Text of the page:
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Top it with tissue.

If students moan and groan about what should be an interesting, positive experience, they obviously need to be motivated. My response to the outcry, "Oh no, not another still life!" was to add new ideas and materials to a classic contour drawing activity.

Line drawings with markers appeal to all age groups; the simple, flowing lines are easy to make and students feel a sense of satisfaction as they match them to the outlines of an observed object. As students master the outlines of objects, compositional elements such as color, proportion, emphasis, dimension, balance, rhythm and pattern begin to gain their attention. Adding tissue paper to contour drawings holds students' attention and gives them insight into compositional issues.

To begin, my eighth-grade students used permanent black felt-tipped markers, with either fine or wide tips, and heavy white drawing paper for their work. (Note: Use permanent markers only in well-ventilated areas. Consider using non-permanent, water-based markers if good ventilation is not possible.) Students drew directly on the paper, using long, fluid strokes--as opposed to stiff, short, "sketchy" ones--to capture the contour form of simple still lifes placed about the artroom. They were urged to work large, use all the space in their picture plane and to overlap where appropriate.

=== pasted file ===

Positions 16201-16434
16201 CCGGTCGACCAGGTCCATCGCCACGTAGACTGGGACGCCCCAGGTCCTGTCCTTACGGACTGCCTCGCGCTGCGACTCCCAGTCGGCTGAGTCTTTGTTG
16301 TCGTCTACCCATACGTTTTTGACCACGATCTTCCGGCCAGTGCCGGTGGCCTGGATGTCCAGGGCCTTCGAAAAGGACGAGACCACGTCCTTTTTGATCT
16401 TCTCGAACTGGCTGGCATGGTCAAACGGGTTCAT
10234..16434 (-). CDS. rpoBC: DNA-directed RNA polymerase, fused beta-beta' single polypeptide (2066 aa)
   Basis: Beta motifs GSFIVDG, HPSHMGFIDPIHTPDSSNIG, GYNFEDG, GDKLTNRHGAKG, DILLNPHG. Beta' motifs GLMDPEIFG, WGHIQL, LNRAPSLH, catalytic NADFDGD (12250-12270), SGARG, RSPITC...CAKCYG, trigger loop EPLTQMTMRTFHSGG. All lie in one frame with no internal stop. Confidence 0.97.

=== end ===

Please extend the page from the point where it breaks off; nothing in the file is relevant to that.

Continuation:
I then demonstrated how layers of transparent tissue paper can enhance contour drawings. Layering and overlapping various colors in a light to dark spatial progression can create a sense of depth in the drawings. I also demonstrated how tissue color panels can be used for emphasis, color mixing, balance, proportioning and compositional unification. Students could now make "ordinary" contour drawings into extraordinarily expressive images.

The technique for applying the tissue paper to the drawings was simple. A white glue-and-water mixture was brushed onto the drawings, tissue paper shapes laid down and more diluted glue brushed over them. My young artists soon discovered several things: the thin tissue tends to wrinkle easily; the ink of water-based markers tends to spread and smear; and some brands of tissue "bleed." When my students felt that accidental variations were unacceptable, I reassured them that such differences often enhanced their work.

Everyone was pleased with the results. I was especially pleased to see students demonstrating renewed enthusiasm for contour drawing. "Topping it with tissue" proved to be the motivation my students needed!

Paula Guhin is an art teacher in the Aberdeen, South Dakota Public Schools.
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Author:Guhin, Paula
Publication:School Arts
Date:Nov 1, 1990
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